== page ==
Friends Jim and Kay accompanied Sharon and I to Blackhawk, a formerly a quaint old mining town, situated some thirty miles west of Denver, and 8000 feet above sea level. When we visited many eons ago, it seemed every old storefront, church, barn, bar, and residence, had been converted into a “casino”. Any quaintness Blackhawk possessed some twenty years ago, vanished when legalized gambling was introduced in Colorado.If there is such a thing as “casino quaintness”, then some of those first establishments may have qualified; a half dozen slot machines, maybe a blackjack table, and a front door. That’s all it took to a casino make—then.
When we checked in at the 34 story Ameristar Casino Hotel, we found no quaintness; we were greeted at a check-in counter suitable for a Las Vegas landmark, and a bellman. Our rooms were beautiful, certainly as nice as most up-scale Nevada offerings.
By now you’re wondering about my hellish evening—it all began with a dinner at the hotel buffet. I was eager to partake; in fact possibly too eager, for I loaded up my plate with much more than I would normally eat, crammed that down, then headed to the dessert bar. I think that was my undoing. Two hours later, I had the granddaddy of all indigestion attacks. Although I’d packed everything I could think prior to our departure from Loveland — tea samovar, crutches, machete, even my normal medications; but, I neglected to include some Tums, Rolaids, baking soda, or a fire extinguisher.
Friend Jim came to the rescue; he fetched a pill bottle from his room, and had soon dumped the contents on the table in front of me. “I think those little pink ones are the Zantac.” Said Jim, as he pushed them my way. There were so many varieties in the collection, that I was less than confident in his choice. There were no brand names imprinted on the pink pills, so I Googled the cryptic information stamped on one, and, it was Zantac. “So, what do you suppose these little triangular pills are?” I asked. And Jim became curiouser, and curiouser; once more a Google. And once more an answer: they weren’t Zantac, or anything that would rid me of my misery.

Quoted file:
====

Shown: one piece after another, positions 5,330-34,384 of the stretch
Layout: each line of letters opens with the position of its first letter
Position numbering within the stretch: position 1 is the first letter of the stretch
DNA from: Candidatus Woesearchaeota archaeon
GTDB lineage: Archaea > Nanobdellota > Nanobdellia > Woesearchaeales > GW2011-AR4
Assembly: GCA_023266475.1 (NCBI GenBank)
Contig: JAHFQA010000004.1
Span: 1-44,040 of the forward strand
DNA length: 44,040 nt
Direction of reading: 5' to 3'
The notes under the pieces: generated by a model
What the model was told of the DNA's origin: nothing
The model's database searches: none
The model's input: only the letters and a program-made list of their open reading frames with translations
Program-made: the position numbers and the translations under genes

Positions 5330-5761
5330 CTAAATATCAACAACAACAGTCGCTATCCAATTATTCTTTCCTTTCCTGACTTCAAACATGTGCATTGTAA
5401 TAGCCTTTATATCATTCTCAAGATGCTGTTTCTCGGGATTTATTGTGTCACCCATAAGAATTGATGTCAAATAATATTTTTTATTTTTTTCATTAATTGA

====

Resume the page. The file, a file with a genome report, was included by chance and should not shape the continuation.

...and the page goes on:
Sadly, the Zantac didn’t work, in fact, I think it merely stoked the flames, for I spent a miserable night waiting for the distress to pass. It did, and some 11 hours later—I felt almost normal; normal enough to head downstairs, and throw some money away in a slot machine.
And almost normal enough to hit the breakfast buffet.
And here’s a gizmo for your perusal.